Patents, Promises, and Reproducibility
24 Pages Posted: 31 Mar 2017 Last revised: 12 Sep 2018
Date Written: September 5, 2018
Cutting-edge scientific research faces a global reproducibility crisis: scientists often cannot faithfully reproduce their colleagues’ experiments. Several domestic patent law doctrines would appear to mitigate this problem, including the enablement doctrine in the United States, the promise doctrine in Canada and the Commonwealth of Nations, and Europe’s industrial application doctrine. But these doctrines’ disconnect from scientific practice and their broader international harmonization make them weak tools to combat irreproducibility. Given the increase of cross-border scientific collaboration and uncertainty surrounding certain types of new technologies, these doctrines seem to exacerbate the reproducibility crisis. Making these doctrines fulfill their promises to encourage reproducible, technical disclosures will likely require effort from a variety of domestic institutions, including domestic patent offices, courts, legislatures, and universities.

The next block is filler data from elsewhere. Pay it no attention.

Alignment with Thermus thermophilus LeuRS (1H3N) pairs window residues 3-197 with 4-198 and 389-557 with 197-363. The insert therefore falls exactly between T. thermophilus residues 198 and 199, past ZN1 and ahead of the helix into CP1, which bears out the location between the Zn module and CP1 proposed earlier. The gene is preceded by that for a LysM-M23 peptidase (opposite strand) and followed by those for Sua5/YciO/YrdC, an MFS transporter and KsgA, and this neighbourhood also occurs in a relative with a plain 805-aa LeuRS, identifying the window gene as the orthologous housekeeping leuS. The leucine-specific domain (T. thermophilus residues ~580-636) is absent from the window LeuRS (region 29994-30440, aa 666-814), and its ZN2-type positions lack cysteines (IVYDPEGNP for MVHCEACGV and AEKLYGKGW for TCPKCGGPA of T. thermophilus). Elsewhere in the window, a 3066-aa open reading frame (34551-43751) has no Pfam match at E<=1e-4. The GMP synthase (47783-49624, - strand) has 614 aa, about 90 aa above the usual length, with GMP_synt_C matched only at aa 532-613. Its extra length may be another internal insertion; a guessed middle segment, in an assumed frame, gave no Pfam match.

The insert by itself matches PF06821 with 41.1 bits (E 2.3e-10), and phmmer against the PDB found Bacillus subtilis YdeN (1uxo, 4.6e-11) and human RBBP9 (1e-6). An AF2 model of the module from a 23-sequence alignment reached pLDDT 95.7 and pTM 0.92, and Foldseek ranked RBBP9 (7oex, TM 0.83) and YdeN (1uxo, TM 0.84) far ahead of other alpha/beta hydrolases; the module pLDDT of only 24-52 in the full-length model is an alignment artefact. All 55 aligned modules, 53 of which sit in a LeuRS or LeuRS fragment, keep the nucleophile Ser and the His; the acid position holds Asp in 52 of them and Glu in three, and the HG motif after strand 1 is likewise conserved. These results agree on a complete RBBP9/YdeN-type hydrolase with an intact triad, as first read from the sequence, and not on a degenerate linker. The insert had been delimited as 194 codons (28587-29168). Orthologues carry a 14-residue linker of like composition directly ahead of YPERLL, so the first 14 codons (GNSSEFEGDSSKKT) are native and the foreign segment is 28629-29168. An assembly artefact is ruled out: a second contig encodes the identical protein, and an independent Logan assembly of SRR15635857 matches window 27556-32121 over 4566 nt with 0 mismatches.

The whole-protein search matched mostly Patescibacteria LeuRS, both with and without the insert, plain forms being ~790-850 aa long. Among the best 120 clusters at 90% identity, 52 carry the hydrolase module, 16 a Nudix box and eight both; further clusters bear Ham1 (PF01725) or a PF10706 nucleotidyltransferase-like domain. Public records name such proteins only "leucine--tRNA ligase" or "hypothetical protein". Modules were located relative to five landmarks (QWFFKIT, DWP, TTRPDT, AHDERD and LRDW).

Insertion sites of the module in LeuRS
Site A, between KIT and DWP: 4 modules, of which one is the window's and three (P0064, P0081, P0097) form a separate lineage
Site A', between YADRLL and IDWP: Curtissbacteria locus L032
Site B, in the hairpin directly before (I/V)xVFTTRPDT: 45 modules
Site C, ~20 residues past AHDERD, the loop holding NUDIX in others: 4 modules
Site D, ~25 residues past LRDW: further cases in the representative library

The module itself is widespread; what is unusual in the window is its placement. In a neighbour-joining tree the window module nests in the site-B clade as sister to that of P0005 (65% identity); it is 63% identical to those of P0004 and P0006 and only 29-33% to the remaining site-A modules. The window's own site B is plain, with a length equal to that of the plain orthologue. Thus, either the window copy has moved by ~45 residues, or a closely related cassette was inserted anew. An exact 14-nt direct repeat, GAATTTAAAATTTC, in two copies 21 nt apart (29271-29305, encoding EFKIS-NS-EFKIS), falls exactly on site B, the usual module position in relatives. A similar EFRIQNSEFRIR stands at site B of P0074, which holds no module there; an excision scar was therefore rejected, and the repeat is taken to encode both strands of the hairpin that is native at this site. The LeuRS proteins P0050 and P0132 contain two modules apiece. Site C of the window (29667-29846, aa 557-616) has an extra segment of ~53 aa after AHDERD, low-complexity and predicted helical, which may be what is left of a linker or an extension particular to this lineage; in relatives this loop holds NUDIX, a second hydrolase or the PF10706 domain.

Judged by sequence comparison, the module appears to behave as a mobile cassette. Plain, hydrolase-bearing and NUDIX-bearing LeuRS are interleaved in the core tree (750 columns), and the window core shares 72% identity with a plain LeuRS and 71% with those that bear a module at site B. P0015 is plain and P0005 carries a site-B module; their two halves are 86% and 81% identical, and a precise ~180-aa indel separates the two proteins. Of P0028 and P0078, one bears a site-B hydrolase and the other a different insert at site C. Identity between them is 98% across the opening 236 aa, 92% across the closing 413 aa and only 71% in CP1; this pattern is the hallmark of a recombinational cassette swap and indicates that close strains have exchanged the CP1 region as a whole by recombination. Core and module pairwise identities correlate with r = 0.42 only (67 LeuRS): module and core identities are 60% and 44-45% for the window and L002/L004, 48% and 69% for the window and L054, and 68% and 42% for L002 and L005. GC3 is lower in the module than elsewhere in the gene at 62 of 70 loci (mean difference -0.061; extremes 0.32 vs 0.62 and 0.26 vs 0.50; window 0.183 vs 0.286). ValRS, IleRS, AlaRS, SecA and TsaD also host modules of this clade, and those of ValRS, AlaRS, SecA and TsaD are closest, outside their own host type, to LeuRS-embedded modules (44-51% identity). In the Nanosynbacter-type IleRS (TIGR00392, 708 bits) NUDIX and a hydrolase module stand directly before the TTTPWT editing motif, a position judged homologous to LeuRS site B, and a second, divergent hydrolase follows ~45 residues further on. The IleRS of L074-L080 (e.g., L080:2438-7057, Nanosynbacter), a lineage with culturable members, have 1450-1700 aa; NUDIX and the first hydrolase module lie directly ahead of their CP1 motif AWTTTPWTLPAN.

Keywords: patent, science, reproducibility, enablement, promise doctrine, industrial application, intellectual property, Canada, Europe
JEL Classification: K11, K19, K39, O34, K00
Suggested Citation: Suggested Citation